I've been filling in entries for awards. Despite the demand for results and strategy, it is just a beauty contest because I've judged so many.
Yet why does the creative aspect of direct mail receive so much attention compared to fundamentally more influential factors?
When people receive their mail they sort it into four piles. Top of the list is personal mail, the kind you slip into your handbag or inside jacket pocket to savour later. It arrives in a welcome rush on your birthday.
Second most important is functional mail - typically household bills and bank statements.
Thirdly, the stuff that could be interesting. If you're lucky, it's where your direct mail may be found. Yet this is the pile that so many direct mail agencies are actually aiming at, competing only with other direct mail, trying to outdo their competitors by fighting their battle for hearts and minds on a low-level playing field. And if they don't make it to the "could be interesting" pile, the only alternative is number four - the bin.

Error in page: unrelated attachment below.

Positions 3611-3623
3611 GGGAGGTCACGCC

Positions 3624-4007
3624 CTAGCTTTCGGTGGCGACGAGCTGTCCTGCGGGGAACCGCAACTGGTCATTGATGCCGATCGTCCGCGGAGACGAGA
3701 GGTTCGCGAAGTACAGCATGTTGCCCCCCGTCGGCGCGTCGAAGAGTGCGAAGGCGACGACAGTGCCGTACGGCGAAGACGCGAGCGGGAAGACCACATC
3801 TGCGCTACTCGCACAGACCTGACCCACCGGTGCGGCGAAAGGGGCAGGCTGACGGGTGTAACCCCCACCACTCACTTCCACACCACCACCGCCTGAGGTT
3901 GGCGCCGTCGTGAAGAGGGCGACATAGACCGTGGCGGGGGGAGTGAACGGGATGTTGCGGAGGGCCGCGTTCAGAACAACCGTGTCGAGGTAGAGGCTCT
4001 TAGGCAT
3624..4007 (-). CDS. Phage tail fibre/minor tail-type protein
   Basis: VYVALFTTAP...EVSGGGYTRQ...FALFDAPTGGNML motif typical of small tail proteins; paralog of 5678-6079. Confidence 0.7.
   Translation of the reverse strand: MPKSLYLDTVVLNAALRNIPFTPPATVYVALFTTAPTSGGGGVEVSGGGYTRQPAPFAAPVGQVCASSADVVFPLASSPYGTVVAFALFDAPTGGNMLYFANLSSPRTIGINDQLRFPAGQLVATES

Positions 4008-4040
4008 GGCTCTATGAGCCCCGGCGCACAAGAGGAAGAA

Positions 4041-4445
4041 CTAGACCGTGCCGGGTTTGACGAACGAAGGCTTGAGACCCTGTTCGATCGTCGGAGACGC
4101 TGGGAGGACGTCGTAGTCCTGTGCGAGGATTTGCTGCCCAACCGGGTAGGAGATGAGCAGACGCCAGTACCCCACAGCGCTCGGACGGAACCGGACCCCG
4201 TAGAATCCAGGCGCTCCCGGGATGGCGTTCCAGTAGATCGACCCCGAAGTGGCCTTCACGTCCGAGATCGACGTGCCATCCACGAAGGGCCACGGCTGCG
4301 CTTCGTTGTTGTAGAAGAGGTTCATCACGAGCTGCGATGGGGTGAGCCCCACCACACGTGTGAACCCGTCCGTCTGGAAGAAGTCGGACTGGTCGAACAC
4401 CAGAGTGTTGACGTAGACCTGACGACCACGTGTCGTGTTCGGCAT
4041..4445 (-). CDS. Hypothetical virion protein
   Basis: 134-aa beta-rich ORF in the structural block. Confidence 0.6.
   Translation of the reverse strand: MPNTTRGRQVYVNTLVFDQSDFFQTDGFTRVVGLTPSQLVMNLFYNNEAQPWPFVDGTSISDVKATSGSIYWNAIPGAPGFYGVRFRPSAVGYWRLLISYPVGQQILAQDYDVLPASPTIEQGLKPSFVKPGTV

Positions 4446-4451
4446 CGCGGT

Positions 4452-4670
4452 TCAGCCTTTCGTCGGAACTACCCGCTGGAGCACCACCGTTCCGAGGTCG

Of all the influencing factors in a direct mail pack, the creative is the least powerful. Yet it receives a disproportionate amount of attention compared to the other factors. The most influential is the audience.
How often does anybody spend as much time on their audience segmentation as they do re-writing copy? Are the donation prompts honed and refined with the same attention to detail as the opening paragraph of the letter?
Is the timing argument over mailsort three or mailsort two circulated with the final artwork to the communications director? Maybe the nub of the problem is that creative is all you can actually see of direct mail. The rest, the audience, the offer, the timing, are all virtually invisible. But are they to the awards judges?
The Institute welcomes Viewpoint articles from its members. Please email the membership manager (Membership@institute-of-fundraising.org.uk).